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  11. Richard7

    Richard7 Senior Member

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    Oh and I should have mentioned that I chose a word processor table over a spreadsheet because it is more organic. I can write a two page entry for how I feel or just a couple of lines. And because it is easy to print out and give to my doctor.
     
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  12. CantThink

    CantThink Senior Member

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    You can download for android or iphone for a small cost.
     
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  13. CantThink

    CantThink Senior Member

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    I wanted to add - just thought about it -I like the app because it is portable and it is easy to access (I couldn't use a spread sheet as I can't fire up my computer every day whereas I can use my phone and tablet unless I'm really super bad).

    The other thing I liked is the fact you can customise it. When I first got it, I really was only looking at using it with a view to establishing allergies and intolerances (and helping me to keep track of that). Having used it, I realise there is more to it... It can be used for tracking most of the things I'd want to track because you can personalise it to include your own labels.

    I do use another app to track seizures. For anyone interested, it is by Epilepsy Action and is free. It asks you for the pertinent info that you need to log/know/remember and there is an option to add your own triggers and things like that.
     
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  14. GracieJ

    GracieJ Senior Member

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    My system gave me numbers to color code line graphs, showing clearly what was correlating.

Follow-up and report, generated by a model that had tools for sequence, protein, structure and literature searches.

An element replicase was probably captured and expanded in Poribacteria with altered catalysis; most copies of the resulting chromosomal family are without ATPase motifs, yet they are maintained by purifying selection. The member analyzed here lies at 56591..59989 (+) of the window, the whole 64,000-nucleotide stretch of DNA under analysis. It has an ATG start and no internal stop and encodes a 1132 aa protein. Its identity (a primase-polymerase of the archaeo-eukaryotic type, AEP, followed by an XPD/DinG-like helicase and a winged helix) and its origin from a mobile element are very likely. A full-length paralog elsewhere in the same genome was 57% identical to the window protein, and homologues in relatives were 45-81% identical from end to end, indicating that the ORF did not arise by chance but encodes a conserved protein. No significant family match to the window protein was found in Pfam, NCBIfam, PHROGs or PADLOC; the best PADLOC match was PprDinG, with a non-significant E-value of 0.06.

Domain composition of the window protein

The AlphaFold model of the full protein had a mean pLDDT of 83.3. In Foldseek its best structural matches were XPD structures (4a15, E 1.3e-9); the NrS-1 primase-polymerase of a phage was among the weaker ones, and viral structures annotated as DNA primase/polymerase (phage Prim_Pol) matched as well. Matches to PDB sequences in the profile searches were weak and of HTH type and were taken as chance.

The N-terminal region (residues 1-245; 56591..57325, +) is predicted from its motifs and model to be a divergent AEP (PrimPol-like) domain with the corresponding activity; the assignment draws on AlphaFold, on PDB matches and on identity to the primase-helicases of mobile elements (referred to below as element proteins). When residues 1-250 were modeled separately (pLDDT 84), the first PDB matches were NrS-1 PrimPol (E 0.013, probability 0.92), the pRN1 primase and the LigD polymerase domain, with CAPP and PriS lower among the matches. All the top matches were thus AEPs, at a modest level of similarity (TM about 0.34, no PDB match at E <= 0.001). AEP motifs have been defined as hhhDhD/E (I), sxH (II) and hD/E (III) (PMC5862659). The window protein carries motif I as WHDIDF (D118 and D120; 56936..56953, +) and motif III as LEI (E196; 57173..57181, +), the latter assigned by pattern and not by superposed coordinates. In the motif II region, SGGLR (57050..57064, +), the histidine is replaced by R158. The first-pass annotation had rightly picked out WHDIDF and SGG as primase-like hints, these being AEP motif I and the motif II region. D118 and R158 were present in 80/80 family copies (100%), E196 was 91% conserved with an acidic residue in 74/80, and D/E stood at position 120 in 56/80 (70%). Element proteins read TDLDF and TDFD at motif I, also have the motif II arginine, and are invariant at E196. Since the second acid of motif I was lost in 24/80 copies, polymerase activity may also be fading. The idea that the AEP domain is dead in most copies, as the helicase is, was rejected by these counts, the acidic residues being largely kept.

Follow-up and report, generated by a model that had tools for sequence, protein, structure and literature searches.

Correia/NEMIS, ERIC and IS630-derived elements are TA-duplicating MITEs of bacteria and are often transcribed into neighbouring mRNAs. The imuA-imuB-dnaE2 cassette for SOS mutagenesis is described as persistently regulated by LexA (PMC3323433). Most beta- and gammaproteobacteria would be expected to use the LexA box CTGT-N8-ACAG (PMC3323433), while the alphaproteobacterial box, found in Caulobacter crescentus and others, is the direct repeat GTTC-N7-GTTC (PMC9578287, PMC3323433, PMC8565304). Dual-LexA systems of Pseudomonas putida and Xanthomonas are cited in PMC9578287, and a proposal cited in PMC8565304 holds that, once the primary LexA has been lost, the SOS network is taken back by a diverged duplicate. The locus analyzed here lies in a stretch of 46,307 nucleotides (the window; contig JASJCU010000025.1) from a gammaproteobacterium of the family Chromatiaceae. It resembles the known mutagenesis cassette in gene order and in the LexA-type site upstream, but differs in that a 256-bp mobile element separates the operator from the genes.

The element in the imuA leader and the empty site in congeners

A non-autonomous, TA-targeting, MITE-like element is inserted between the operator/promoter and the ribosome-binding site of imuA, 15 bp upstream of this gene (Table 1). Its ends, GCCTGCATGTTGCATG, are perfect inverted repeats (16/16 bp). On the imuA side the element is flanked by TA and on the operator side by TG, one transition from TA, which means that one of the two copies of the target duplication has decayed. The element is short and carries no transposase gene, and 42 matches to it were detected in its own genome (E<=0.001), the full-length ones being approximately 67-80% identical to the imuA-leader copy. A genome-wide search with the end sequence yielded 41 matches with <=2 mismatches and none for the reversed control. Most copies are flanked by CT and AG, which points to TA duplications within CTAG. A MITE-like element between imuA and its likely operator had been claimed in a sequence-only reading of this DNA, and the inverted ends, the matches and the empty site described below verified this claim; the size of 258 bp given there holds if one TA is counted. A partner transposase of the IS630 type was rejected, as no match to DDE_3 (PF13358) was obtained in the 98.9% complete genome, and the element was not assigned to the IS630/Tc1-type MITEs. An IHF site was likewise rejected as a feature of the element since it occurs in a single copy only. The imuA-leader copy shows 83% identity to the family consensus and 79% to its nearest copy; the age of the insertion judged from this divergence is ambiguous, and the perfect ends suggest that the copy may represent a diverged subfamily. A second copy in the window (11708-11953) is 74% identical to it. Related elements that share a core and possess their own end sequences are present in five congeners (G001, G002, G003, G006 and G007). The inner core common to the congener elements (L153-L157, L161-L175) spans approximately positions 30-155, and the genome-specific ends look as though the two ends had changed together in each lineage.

I could not do it now. Brain is too fried and there is too much information. So I would add that whatever system you use, make sure you are up to it cognitively or have help. I honestly cannot keep up with apps, either.

    Doing this now... I would probably go with a very simple daily rating system and a food diary.
     
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  15. Never Give Up

    Never Give Up Collecting improvements, until there's a cure.

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    Wow, @CantThink, mySymptoms Food & Symptom Tracker looks like it will let me track what I want to track and accommodate symptom intensity, duration, and notes, hopefully with far fewer key strokes. Thank you!
     
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  16. CantThink

    CantThink Senior Member

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    @Never Give Up

    I think after the initial set up (maybe max about a week of doing the logging) where you add your personalised options, should then be fewer keystrokes. There's just a few taps after that - not a burden at all really.

    I hope it works out for you!
     
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  17. GracieJ

    GracieJ Senior Member

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    That's great, @Never Give Up ! Keep posting, would appreciate hearing how it works for you.